The overlays that highlight 17th century London features are approximate and derived from Wenceslaus Hollar’s maps:

Open location in Google Maps: 51.510759, -0.095004

10 Annotations

First Reading

Phil  •  Link

I'm guessing this is the right location. This 18th century map shows the Queenhithe ward… which is centered on Thames Street. Maybe it is the same as the Thames Street pointed to by the Streetmap link above.

Richard  •  Link

Queenhithe and some of the streets from the 18th Century map (above) still exist by the north side of Southwark Bridge.


Pedro  •  Link

Queenhithe--or Queenhive, as it was corruptly called by the Elizabethan dramatists--was originally, according to Stow, called "Edred's Hythe," or bank, from some Saxon owner of that part of Thames Street.

Second Reading

Bill  •  Link

Queenhithe, in Upper Thames Street, a short distance west of Southwark Bridge, a common quay for the landing of corn, flour, and other dry goods from the west of England,—originally called "Edred's hithe" or bank, from "Edred, owner thereof,"—but known, from a very early period as Ripa Reginae, the Queen's bank or Queenhithe, because it pertained unto the Queen. King John is said to have given it to his mother, Eleanor, Queen of Henry II. It was long the rival of Billingsgate, and would have retained the monopoly of the wharfage of London had it been below instead of above bridge. In the 13th century it was the usual landing-place for wine, wool, hides, corn, firewood, fish, and indeed all kinds of commodities then brought by sea to London, and the City Records afford minute details as to "the Customs of Queen-Hythe," and the tolls ordered to be taken there by Edward I.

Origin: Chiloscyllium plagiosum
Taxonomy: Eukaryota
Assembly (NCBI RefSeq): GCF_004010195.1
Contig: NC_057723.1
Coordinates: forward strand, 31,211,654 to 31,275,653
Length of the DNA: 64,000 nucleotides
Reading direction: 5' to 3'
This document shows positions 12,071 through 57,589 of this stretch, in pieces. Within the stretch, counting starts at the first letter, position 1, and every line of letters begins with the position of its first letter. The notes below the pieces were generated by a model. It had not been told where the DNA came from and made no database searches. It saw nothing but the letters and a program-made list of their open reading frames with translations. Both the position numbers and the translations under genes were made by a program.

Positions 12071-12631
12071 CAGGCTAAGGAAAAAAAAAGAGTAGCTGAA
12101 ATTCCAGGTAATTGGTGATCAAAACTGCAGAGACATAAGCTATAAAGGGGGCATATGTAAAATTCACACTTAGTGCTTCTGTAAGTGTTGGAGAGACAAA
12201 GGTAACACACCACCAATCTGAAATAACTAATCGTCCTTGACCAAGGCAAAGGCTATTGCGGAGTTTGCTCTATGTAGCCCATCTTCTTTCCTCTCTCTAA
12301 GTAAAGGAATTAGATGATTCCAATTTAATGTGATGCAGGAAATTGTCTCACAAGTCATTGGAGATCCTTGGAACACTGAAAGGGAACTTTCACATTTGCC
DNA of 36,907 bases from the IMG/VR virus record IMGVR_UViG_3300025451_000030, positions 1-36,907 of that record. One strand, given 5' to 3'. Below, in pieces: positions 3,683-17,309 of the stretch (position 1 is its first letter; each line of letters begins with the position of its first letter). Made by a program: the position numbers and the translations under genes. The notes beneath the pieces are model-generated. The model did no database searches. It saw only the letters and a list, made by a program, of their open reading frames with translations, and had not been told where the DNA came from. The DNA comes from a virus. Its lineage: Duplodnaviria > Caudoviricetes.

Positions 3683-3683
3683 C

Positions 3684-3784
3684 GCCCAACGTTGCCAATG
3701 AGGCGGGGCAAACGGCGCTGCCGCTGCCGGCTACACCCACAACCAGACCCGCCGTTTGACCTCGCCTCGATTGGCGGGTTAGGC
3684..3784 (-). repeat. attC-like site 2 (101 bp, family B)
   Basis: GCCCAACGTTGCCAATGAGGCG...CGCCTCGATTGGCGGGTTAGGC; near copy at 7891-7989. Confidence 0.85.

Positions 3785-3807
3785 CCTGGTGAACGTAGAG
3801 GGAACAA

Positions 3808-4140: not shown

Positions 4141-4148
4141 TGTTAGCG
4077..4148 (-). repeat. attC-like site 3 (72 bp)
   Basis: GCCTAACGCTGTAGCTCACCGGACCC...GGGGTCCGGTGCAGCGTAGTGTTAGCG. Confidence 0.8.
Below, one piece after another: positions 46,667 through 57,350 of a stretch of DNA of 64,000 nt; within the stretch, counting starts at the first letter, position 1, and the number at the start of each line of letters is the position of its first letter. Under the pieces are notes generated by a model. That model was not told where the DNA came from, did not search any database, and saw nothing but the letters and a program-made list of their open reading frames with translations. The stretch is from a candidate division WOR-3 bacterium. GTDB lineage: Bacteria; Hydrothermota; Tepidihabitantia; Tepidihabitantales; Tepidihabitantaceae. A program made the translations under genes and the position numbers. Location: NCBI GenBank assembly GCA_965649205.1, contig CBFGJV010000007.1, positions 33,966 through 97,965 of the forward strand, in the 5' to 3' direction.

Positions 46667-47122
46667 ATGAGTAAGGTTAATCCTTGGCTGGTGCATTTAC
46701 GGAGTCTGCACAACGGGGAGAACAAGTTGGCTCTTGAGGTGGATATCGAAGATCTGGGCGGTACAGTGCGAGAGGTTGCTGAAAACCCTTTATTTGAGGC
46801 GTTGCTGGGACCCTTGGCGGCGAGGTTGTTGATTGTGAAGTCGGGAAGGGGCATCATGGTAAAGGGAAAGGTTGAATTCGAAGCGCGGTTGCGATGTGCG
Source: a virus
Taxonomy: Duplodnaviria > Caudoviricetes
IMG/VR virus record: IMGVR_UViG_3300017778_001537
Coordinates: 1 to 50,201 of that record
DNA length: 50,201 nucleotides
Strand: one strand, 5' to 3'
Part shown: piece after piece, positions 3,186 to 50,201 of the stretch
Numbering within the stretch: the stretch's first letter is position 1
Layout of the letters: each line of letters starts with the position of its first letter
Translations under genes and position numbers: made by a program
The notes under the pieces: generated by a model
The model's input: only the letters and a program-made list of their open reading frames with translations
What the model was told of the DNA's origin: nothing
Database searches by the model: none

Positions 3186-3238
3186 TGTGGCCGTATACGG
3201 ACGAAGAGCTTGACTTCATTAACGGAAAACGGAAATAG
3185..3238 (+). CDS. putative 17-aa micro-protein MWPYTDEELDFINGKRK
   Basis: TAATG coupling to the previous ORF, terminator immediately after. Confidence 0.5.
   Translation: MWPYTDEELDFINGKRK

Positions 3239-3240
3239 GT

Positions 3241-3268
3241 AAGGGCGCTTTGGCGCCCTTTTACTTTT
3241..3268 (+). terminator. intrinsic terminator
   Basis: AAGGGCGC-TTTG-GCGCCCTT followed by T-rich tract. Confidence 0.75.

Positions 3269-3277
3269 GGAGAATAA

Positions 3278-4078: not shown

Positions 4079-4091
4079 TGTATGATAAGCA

---London, Past and Present. H.B. Wheatley, 1891.

Third Reading

San Diego Sarah  •  Link

Queenhithe's importance comes from the fact that it is a surviving dock space dating back to the Saxon and Medieval period.

The dock was probably established by King Alfred after he reoccupied the area within the City walls in 886. At that time, it was called Ethelredshythe after King Alfred's son in law, when it was a place where boats were pulled up on the foreshore with goods being sold from the boats.

The name Queenhithe comes from Queen Matilda, wife of Henry I, who was granted the taxes generated by trade at the dock. Hithe means a small landing place for ships and boats.

Matilda also built London's first public lavatory at the dock, which was available for the "common use of the citizens" of London, and was no doubt built at the dock so the output of the lavatory could flow directly into the river - some things do not change.

Queenhithe is shown in the Agas map (from the mid 16th century to the early 17th century), with a boat with a sail, and a smaller boat being within the dock. The map shows open space between the end of the dock and the houses lining Thames Street, which was presumably used for holding cargos being moved between the ships on the river and the land, and for sales.

Writing in London Past and Present (1891), Henry Wheatley describes Queenhithe as:
"It was long the rival of Billingsgate and would have retained the monopoly of the wharfage of London had it been below instead of above bridge. In the 13th century it was the usual landing place for wine, wool, hides, corn, firewood, fish and indeed all kinds of commodities then brought by sea to London."

The dock today is a much smaller part of what was the original dock and trading area. Excavations beneath some of the buildings surrounding the dock have found remains of a Roman quay along with the 9th century shore where trading took place, along with a series of medieval waterfronts, showing how during the medieval period the river wall was gradually being pushed further into the river.

Queenhithe is classed as a Scheduled Ancient Monument, and is one of the areas along the river where mudlarking or disturbance of the dock or foreshore is prohibited.